The next four steeps did not bring much change. Brew number six was noteworthy though for its almost immediate huigan. Somewhere along the way the bitterness ceased being pleasant, turning into something less so. After this, starting with the ninth steep, the tea acquired a somewhat honied character to it, whereas the bitterness and sweetness were more muted compared to before.

While still possessing plenty of body in the tenth steep, the flavors were definitely getting thinner now. The tea was mainly sweet, but also bitter in the finish. The color had faded substantially by the final steep. While there was an adequate amount of flavor still, the tea was also starting to feel quite watery by this point. I decided to call the session there.

All in all the 2010 Nannuo was an okay tea. The material is definitely better than your standard factory production, but didn’t necessarily strike me as high-end. There is huigan and transforming bitterness — things you’d look for in, say, a Bulang tea — but overall I didn’t find anything particularly memorable or special about this tea. While the quality is better than some similarly aged daily drinkers from Bulang, I’d personally rather drink some of those teas than this one.

While taste-wise I imagine this tea hasn’t changed all too much from when it was young, the age is most evident in the texture and mouthfeel. The texture is definitely that of an aged tea which you don’t get in younger teas. While not a weak tea, the Nannuo doesn’t necessarily possess the amount of strength I would like to see in a tea to have confidence that it won’t go flat over the years. I’m not entirely sure how a tea like this would age, but based on how it is right now, it feels like it has a long way to go still.

Flavors: Astringent, Bitter, Caramel, Creamy, Honey, Mineral, Smoke, Sweet

Preparation
Boiling 0 min, 15 sec 5 g 3 OZ / 75 ML

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97
30 tasting notes

This tea is so amazing. It’s just such a solid raw, with so much complexity. However, I don’t think I’d buy 400g of it, that’s just way too much tea, haha.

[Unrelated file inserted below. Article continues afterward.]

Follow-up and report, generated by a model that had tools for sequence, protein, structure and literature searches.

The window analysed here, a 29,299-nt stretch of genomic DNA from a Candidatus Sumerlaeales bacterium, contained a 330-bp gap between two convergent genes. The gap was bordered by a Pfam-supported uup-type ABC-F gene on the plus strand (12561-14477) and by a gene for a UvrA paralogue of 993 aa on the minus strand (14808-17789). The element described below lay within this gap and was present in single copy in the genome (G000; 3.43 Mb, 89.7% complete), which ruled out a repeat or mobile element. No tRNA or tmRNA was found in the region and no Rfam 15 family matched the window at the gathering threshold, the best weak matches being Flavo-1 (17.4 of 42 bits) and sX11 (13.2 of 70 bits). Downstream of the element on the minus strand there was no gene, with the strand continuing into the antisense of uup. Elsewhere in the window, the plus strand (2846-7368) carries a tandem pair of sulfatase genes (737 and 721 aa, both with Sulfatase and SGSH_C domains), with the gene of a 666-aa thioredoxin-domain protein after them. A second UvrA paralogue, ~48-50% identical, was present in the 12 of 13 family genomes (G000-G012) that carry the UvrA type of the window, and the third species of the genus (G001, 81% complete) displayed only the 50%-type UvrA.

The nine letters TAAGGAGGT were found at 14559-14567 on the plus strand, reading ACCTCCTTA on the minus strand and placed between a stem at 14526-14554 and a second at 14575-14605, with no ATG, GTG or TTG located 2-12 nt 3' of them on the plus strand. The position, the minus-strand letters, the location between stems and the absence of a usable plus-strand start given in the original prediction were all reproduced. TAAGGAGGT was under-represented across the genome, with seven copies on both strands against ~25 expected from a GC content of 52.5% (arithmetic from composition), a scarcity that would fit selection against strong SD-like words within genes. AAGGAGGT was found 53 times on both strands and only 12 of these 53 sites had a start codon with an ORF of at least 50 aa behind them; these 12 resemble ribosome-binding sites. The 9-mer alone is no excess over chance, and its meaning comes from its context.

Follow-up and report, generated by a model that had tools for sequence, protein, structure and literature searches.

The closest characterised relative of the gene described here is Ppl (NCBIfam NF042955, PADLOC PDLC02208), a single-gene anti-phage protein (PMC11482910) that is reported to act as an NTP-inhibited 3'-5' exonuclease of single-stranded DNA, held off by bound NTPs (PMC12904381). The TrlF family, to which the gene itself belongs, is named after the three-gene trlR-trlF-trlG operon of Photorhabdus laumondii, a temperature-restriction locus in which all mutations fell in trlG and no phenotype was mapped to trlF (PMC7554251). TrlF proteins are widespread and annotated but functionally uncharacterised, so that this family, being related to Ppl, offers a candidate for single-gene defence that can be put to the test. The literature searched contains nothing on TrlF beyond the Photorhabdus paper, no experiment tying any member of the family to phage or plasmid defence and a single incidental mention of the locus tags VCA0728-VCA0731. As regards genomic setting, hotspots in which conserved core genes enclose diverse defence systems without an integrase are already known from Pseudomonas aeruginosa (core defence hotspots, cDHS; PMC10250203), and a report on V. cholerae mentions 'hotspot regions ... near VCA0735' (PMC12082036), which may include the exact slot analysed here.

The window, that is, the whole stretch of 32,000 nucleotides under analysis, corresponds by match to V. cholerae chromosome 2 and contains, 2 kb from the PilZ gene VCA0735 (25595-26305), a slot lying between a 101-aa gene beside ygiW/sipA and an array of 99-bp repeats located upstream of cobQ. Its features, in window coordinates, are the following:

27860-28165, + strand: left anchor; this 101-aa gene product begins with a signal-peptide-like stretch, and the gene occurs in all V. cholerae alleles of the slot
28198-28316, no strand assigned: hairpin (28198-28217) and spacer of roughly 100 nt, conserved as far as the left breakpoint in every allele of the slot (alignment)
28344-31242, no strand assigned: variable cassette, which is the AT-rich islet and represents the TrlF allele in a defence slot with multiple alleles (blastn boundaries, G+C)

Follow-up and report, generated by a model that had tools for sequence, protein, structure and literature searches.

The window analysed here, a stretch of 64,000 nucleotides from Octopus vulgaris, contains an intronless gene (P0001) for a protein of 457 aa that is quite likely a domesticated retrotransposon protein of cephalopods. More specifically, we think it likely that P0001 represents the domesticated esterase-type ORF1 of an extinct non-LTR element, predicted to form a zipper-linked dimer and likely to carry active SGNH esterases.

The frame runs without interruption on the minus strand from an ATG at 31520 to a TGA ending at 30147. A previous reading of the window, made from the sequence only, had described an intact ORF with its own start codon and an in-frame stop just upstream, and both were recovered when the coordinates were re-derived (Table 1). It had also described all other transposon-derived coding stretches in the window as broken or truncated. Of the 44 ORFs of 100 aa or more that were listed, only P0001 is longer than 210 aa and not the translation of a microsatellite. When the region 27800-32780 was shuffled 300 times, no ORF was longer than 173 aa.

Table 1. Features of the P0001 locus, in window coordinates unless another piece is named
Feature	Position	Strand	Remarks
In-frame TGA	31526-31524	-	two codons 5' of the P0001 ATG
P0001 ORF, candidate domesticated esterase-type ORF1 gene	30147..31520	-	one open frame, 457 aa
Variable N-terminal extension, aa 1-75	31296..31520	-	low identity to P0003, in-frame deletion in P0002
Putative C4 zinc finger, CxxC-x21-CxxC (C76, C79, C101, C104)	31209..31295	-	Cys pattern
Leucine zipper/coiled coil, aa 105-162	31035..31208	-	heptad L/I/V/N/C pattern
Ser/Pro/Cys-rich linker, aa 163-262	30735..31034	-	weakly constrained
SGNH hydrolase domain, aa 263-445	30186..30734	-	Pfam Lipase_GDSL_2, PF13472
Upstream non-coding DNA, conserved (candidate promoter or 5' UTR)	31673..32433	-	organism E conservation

I was watching Scott’s youtube channel for Yunnan sourcing, and he was sitting out in his garden, and it just made me miss living out in the middle of nowhere again. I would love so much to be sitting out among a whole bunch of trees with no one in sight, and just feel the wind on my face and drink tea. Don’t get me wrong, living in the country was pretty depressing, no friends close by and being the only Muslims in town we got our fair share of prejudice against us. But I would kill to have that peace and tranquillity, and just drink tea outside under a big tree and not be disturbed by a neighbour mowing his lawn, or smell the puffs of smoke of another. and I think that this tea is absolutely perfect for a summer day out in nature. I don’t know how to explain it, but I just know that this tea would compliment a summer outside so well.

Hah, really went off topic with this one.

It’s green, vegetal, bright, more sour than it is bitter, and an overall great tea. The cha qi on this is great too, and the minerality leaves a sweet and sour aftertaste in your mouth.

Very very good tea.

mrmopar

You are among friends here my friend! Looking forward to seeing you grow with the tea.

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90
8 tasting notes

Yes yes yes. I came back home from delegation, thirsty like hell and i was thinking – which one to drink. Ive decided to go for second part of the sample i got from Scott, just to give it another try. Previously i have brewed it with boiling water for more than 10 seconds few first steeps (8g of tea), now – since i wanted something to relax with, i went with 5g of tea and 5 secs first one and i was stunned. Very floral, very sweet, very refreshing yet relaxing and with the scratch at the back coming from tasty bitternes hardly noticeable with first infusions. Second one and 2 more i went with 10 seconds. First colder water – this one got me some more bitter notes then again with boiling and it came back to sweetnes playing first violin. I dont know what changed the experience – either me beeing tired, or tea airing 2 weeks more, or experimenting with temperature and timing – yet i have found tea that put me on my back floating with couds aside. Now when im checking my mouth – still sweetness with little camomile and sunflower notes. Enjoyable like hell :)

Preparation
195 °F / 90 °C 0 min, 15 sec 5 g 150 OZ / 4436 ML
mrmopar

The sweet spot has been found!